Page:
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Q&A: Love for stage came early for Mac-Haydn’s Wemitt

Q&A: Love for stage came early for Mac-Haydn’s Wemitt

As a young child, Monica M. Wemitt fell pretty badly for two men, both dancers. Her love for them, F

As a young child, Monica M. Wemitt fell pretty badly for two men, both dancers. Her love for them, Fred Astaire and Gene Kelly, hasn’t wavered since, and neither has her passion for performing.

‘The Sound of Music’

WHERE: Mac-Haydn Theatre, 1925 Route 203, Chatham

WHEN: 2 and 7 p.m. today, 2 and 8 p.m. Wednesday, 8 p.m. Thursday and Friday, 4 and 8 p.m. Saturday, and 2 and 7 p.m. Aug. 31.

HOW MUCH: $28-$26 for adults, $12 for children under 12

MORE INFO: (518) 392-9292 or www.machaydntheatre.org

A Chatham native who returned to her hometown in 2004, Wemitt has performed on Broadway, at Radio City Music Hall and in numerous regional theaters around the country. She is currently starring as Mother Abbess in the Mac-Haydn production of “The Sound of Music.” The show opened last Thursday and will run through next Sunday.

Wemitt graduated from Chatham High School in 1974, after beginning her career a year earlier at Mac-Haydn in “Oklahoma!,” and immediately headed to New York to seek her fame and fortune. She performed on Broadway with Carol Channing in “Hello Dolly!” and at Radio City Music Hall with Liza Minelli in “Stepping Out.” She was also a regular at the Carousel Dinner Theatre in Akron, Ohio, hailed as the largest dinner theater in the country.

These days, she stays pretty busy with regular gigs at Mac-Haydn and with C-R Productions at the Cohoes Music Hall. Before her stint as Mother Abbess in “The Sound of Music,” Wemitt played Carlotta in “The Phantom of the Opera,” earlier this summer, and will be directing the Mac-Haydn production of “High School Musical” this fall.

Q: How did your passion for performing begin?

A: I fell in love with Fred Astaire and Gene Kelly and, ever since, dancing onstage was always my dream. Dancing came first, and then singing and acting came later. Now, I’m definitely a singer who can act. I really enjoy seeing people relax, and I love to see a smile come on their face. It’s great to be able to help them get their problems out of their heads for a few hours.

Q: Which musical is your favorite?

A: It honestly is “The Sound of Music.” I’ve also played Maria a couple of times, and I also played Mother Abbess at the Cohoes Music Hall. I think it’s probably the best musical ever. It’s a great story, the triumph of good over evil and all that stuff.

Q: What kind of music did you listen to when you were younger?

A: If I was just hanging out, I would enjoy listening to pop music, but if I got ahold of a score from a musical, I would play that thing into the ground. I would, of course, learn all the lyrics to every song.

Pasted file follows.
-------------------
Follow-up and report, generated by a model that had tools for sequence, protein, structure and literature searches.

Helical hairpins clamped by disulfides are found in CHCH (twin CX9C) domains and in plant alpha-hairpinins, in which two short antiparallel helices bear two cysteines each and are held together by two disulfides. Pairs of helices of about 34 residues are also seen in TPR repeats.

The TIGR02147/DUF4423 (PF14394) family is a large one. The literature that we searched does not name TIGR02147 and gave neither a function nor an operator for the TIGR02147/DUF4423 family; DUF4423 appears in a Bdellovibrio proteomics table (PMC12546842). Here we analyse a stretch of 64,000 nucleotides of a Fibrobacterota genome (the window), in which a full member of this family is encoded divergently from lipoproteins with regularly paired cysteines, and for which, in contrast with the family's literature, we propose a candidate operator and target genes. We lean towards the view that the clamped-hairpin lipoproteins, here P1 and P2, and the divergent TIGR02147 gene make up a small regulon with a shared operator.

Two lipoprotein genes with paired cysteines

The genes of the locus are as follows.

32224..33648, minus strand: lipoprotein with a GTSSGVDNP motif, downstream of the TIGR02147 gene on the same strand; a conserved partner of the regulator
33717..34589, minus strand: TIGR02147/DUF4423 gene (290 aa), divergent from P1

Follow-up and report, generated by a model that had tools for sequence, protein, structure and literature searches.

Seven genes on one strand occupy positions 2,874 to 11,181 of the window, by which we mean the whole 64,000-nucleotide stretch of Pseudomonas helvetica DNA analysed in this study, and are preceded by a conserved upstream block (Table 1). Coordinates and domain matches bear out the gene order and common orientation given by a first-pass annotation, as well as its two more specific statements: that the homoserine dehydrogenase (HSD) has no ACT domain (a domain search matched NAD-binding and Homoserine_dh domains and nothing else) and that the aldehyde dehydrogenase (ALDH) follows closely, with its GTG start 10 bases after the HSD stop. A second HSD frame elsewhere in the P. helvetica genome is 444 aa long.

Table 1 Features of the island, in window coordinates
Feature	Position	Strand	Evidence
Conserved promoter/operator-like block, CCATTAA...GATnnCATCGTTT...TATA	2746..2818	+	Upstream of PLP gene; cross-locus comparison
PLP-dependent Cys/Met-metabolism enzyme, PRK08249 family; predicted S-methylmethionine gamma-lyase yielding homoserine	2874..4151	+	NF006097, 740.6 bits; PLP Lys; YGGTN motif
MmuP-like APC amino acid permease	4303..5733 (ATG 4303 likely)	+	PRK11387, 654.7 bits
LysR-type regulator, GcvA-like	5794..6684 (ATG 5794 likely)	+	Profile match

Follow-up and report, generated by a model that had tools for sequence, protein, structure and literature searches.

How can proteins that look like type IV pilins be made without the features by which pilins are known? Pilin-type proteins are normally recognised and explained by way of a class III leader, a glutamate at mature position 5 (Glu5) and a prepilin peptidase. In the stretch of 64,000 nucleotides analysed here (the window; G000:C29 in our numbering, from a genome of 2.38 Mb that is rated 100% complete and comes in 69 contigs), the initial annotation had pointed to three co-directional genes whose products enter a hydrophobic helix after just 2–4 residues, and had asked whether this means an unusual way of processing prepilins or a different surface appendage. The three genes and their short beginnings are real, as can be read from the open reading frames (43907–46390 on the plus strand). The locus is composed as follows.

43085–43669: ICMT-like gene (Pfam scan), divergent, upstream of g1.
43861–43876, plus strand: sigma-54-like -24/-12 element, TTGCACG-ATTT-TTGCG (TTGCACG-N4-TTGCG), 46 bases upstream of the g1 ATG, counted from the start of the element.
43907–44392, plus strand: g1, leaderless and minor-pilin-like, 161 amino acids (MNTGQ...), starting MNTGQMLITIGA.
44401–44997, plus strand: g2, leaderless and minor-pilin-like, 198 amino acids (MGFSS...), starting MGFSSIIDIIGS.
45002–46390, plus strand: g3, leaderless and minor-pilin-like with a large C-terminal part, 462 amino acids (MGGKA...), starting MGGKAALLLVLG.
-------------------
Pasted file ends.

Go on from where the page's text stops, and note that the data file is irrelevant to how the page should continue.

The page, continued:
Q: What was your experience in the revival of “Hello Dolly!” like?

A: I played Ernestine. So I was onstage with Carol Channing, who had originated the role, and they gave her a five-minute standing ovation just for saying the first line in the play. That was an amazing experience. We started it in 1993, toured until 1994, did it on Broadway for about six months and then went back out on the road for about a year and a half. It was wonderful.

Q: You also worked with Liza Minelli in “Stepping Out” at the Radio City Music Hall in 1991. What was that like?

A: Liza herself is an amazing and very giving, generous woman, but that whole experience was incredible. I got to meet people like Gregory Peck, Princess Diana, Chita Rivera, Madonna and Elton John.

Q: Did you ever meet Fred Astaire or Gene Kelly?

A: I never met Fred Astaire, but I was once outside a theater in New York and Gene Kelly came out the side door. I said, ‘Oh my God,’ and he said, ‘No, just Gene Kelly.’ I loved him even more after that.

Q: Do you still get nervous before a show?

A: Yes, I do. I usually take a brisk little walk right before the show goes on, or just start jumping up and down. It just helps me get off that extra energy you don’t really need.

Q: You also direct. Do you see yourself doing more directing in the future?

A: Not necessarily. I started directing when I did a children’s show at Mac-Haydn quite a while ago, and while I do enjoy it, I do enjoy performing more. And, I would never direct and perform in the same show. Your focus would be too split. I couldn’t do it. I’m still a performer first.

Q: Do you ever do straight dramas?

A: I never get hired to do straight dramas because all they see on my resume are musicals. I guess they think you can’t act in a musical. I do find it annoying, because I would enjoy it. I do get offered from time to time to do readings of straight shows, but that’s probably because one of my friends is involved in the project and they know I can do it.

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